India, Turkey, and Brazil are often held up as prominent examples of emerging powers in terms of growing economic and political clout as well as influence in the nuclear order. Ankara and Brasilia famously teamed up in 2010 to try to rescue the Tehran Research Reactor deal after negotiations between Iran and the P5+1 broke down. India reached accommodation with the Nuclear Suppliers Group (NSG) and is now being promoted for a permanent seat on the United Nations Security Council. But is there a common “emerging power” agenda in the nuclear area? How do relations between these countries and the established powers (specifically the United States) impact their nuclear policies? If so, what interests do these states share, and what does it mean for efforts to continue to strengthen the regime? How much disarmament would emerging powers regard as sufficient to support further strengthening of nonproliferation rules? Do emerging powers seeking greater representation in international bodies such as the NSG and the UN Security Council aim to strengthen or weaken these bodies’ authority to make and enforce rules that may limit state activities?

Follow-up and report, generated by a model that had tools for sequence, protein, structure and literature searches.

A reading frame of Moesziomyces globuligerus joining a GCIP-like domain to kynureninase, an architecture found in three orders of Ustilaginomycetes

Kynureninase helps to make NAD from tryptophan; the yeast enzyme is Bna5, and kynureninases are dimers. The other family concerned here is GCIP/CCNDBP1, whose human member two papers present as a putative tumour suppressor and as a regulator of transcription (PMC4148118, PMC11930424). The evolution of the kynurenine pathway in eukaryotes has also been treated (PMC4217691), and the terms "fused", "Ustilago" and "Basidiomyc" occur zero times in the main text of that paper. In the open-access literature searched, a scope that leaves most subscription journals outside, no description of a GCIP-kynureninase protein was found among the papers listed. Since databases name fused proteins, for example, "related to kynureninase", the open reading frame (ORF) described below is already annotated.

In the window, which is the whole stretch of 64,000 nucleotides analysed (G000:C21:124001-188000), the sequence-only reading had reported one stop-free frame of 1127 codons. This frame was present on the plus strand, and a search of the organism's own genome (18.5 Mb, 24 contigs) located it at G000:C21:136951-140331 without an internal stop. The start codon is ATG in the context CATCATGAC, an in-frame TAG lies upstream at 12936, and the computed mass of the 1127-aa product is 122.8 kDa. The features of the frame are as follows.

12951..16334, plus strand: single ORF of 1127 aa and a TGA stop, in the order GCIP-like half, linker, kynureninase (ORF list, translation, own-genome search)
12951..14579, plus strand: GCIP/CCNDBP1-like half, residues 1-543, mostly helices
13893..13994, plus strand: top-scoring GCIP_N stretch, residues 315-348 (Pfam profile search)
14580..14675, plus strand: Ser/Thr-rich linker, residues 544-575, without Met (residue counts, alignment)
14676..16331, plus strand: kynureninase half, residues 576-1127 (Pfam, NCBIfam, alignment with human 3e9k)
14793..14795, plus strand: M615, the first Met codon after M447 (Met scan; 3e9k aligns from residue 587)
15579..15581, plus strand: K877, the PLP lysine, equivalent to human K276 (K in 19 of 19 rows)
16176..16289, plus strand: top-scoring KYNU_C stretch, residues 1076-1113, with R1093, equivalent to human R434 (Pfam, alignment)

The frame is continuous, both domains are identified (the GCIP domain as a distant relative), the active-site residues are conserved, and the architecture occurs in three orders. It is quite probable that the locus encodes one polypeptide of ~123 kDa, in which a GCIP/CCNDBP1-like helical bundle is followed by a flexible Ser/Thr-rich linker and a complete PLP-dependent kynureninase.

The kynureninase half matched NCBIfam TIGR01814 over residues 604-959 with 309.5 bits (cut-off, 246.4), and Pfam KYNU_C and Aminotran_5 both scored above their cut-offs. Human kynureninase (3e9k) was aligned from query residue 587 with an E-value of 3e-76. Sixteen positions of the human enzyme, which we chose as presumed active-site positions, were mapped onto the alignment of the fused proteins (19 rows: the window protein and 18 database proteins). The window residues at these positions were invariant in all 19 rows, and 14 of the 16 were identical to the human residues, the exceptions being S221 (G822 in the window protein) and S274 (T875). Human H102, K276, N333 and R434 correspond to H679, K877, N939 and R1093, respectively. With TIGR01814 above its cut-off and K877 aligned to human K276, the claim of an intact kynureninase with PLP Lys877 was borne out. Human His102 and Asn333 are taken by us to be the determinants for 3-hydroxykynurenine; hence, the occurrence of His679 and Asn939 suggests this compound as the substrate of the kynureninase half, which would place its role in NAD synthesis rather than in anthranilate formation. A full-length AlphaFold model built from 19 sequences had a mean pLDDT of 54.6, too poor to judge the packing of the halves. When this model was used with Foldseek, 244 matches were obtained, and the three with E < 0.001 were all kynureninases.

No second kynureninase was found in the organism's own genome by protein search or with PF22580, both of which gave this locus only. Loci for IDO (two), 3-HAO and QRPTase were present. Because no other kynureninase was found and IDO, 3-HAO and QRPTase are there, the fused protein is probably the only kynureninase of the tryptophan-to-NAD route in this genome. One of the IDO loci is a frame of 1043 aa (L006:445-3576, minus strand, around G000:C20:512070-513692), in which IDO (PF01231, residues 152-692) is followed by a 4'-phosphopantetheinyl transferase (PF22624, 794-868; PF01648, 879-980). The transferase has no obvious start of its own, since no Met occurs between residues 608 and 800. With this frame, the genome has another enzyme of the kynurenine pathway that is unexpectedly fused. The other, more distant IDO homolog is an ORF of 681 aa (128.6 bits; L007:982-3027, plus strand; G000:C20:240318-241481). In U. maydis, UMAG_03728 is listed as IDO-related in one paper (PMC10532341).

Togzhan Kassenova, Matias Spektor, Sinan Ülgen, and Nirupama Rao discuss what interests these states share, and what it means for efforts to continue to strengthen the nonproliferation regime. Share your comments and questions below.
Kassenova is an associate in the Nuclear Policy Program at the Carnegie Endowment.
Ülgen is a visiting scholar at Carnegie Europe in Brussels, where his research focuses on the implications of Turkish foreign policy for Europe and the United States, nuclear policy, and the security and economic aspects of transatlantic relations.
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